Feature Archive

Infertility: A Tale of Two Sisters

Infertility: A Tale of Two Sisters

By Salynn Boyles
WebMD Feature

Reviewed By Michael Smith

In less than two weeks -- and I can't believe I am writing this -- I will turn 42. In two months, my beautiful, rambunctious, often exasperating son, Joey, will turn 2. At times it still seems unreal that he is here at all.

Like the women interviewed for this series, I spent a significant part of my 30s struggling with infertility, as did my only sister, Susan, now 40. Our paths were at once very similar and very different, and while we shared many of our frustrations at the time, there is much we couldn't talk about until recently.

Neither of us will ever know if age was a factor in our respective infertilities, but the question is almost academic. Like many women just out of college, marriage and children weren't even on our radar screens in our early and mid 20s.

Tom and I got married the day after my 29th birthday, and we felt no particular urgency to start a family. I cried to friends that I wasn't ready when I found myself pregnant soon after our second anniversary, and cried again three weeks later when the bleeding started.

When I became pregnant a second time, we were ready with a vengeance. At eight weeks we were picking out nursery furniture and battling over baby names. I had read just about everything in the infant and toddler section of our branch library and was moving on to adolescent development when I had my second miscarriage in the last weeks of my first trimester.

This time we wanted answers, and we soon got them. But, as anyone with just about any type of infertility can tell you, having a diagnosis doesn't necessarily bring you closer to a cure. The specialists we saw over the next few years chalked my problem up to an immunological fluke, which may have caused blood clots in the placenta that resulted in miscarriage.

Several specialists, a host of low-tech treatments, and two more miscarriages later, we had almost given up when our latest fertility doctor suggested a controversial procedure called leukocyte immune transfusion. In short, blood was taken from my husband and centrifuged, and his white blood cells were injected into me.

My fifth pregnancy was fairly uneventful, although we read no baby books and purchased little furniture until our son was safely home from the hospital. I don't know if the treatment made the difference. My doctor tells me that recent studies suggest it is not effective, and he now recommends it only for a select group of patients with recurrent pregnancy loss.

I just accept our good fortune as the miracle that it is.

My sister, who also married at 29, spent her early 30s working as a film producer while her husband, Scott, finished graduate school. After he graduated they tried for two years to conceive on their own with no success.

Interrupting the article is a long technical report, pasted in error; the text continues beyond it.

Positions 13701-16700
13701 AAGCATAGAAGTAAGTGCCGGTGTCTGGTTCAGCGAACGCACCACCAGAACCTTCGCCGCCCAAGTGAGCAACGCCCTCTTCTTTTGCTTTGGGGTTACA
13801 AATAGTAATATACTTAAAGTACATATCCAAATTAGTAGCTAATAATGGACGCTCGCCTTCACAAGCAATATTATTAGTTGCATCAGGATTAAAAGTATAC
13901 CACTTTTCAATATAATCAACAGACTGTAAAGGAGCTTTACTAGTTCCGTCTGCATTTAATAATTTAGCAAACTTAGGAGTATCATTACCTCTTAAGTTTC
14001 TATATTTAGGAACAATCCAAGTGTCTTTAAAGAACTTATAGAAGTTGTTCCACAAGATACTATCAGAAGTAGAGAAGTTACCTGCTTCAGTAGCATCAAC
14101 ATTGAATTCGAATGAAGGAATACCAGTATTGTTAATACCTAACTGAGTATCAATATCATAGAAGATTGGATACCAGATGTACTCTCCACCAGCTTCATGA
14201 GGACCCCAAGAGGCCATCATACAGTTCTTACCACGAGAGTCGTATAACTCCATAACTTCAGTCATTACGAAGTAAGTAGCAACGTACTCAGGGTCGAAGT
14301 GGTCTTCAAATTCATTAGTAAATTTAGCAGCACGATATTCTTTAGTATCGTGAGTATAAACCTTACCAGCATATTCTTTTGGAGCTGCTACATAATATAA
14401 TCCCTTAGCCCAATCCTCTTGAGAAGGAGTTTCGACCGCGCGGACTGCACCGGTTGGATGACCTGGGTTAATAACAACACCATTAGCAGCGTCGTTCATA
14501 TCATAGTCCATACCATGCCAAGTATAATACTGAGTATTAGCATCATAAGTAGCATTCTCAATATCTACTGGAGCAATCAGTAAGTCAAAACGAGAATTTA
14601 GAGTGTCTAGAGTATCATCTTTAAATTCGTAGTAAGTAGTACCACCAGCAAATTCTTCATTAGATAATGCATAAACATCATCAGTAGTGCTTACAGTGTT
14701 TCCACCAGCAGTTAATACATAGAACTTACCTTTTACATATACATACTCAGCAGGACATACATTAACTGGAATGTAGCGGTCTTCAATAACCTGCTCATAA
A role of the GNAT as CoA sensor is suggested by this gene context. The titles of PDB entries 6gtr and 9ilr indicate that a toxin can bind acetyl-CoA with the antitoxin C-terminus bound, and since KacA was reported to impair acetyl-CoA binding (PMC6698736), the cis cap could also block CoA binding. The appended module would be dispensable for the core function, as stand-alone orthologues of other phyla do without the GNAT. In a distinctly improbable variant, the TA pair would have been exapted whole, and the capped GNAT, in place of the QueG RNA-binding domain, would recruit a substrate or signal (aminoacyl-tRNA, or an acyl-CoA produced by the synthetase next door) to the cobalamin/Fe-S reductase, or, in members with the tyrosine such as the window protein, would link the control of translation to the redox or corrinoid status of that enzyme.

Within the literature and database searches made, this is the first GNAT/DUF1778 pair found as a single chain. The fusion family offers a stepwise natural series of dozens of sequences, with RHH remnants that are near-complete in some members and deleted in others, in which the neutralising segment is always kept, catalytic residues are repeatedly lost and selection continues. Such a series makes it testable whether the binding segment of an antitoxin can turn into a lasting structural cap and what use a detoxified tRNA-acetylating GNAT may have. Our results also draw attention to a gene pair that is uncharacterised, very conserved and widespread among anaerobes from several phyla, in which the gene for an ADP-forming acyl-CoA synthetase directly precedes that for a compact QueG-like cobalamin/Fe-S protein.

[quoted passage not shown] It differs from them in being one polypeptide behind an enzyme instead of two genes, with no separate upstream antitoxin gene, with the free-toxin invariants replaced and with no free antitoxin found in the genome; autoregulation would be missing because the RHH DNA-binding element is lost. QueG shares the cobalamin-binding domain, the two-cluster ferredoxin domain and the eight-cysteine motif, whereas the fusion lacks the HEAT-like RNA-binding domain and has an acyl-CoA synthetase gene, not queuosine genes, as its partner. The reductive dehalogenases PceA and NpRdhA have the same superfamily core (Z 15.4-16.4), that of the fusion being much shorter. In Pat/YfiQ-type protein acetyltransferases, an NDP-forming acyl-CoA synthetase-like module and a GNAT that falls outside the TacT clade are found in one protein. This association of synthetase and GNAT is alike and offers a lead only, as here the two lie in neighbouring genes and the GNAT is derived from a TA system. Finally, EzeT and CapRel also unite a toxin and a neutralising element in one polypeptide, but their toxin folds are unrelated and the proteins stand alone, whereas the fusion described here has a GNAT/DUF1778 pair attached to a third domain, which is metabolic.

They lost count of the number of specialists they saw over the next five years. Each repeated the tests the others had done, but none ever found a clear cause for her inability to conceive. They came to find out this was not unusual -- as many as one in four women who can't get pregnant have unexplained infertility.

They also lost count of the number of fertility drugs Susan ended up taking and the number of times she had IUIs, in which sperm is injected directly into the uterus -- she thinks it's 10. Her final specialist recommended in vitro fertilization, and, like thousands of couples, she and Scott were faced with spending $12,000-$15,000 for a procedure they were told had a one in five chance of working.

An unapologetic control freak, my sister says feeling powerless over her situation was almost unbearable. The endless doctor visits and uncertainty sent her into a depression and affected her physical health. She remembers bursting into tears during her first (and last) visit to a new specialist, because the woman spent a total of three minutes with her before rushing off to see her next patient.

"I will never forget the moment when I looked at Scott and said, 'It's over,'" she says. "I told him, 'no more drugs, no more doctors, no more 20% chance of a baby.' And it was a huge relief. We didn't have to be sad anymore."

Their story, however, has a happy ending, and her name is Martha Eliza (Ella), now 14 months old.

Ella has been in our lives for four months now, adopted from Guangxi province in China. I will never forget meeting her for the first time in the wee hours of the morning May 19, when her weary but elated parents arrived home after two days on a plane.

Although we live in different cities, Susan and I see each other often. We spent Labor Day weekend watching Joey and Ella get to know each other, and comparing notes, for the sake of this story, on our roads to motherhood. Different roads, to be sure, but they ended in the same place.

 

©1996-2005 WebMD Inc. All rights reserved.
Last Editorial Review: 1/30/2005 11:39:39 PM




STAY INFORMED

Get the Latest health and medical information delivered direct to your inbox!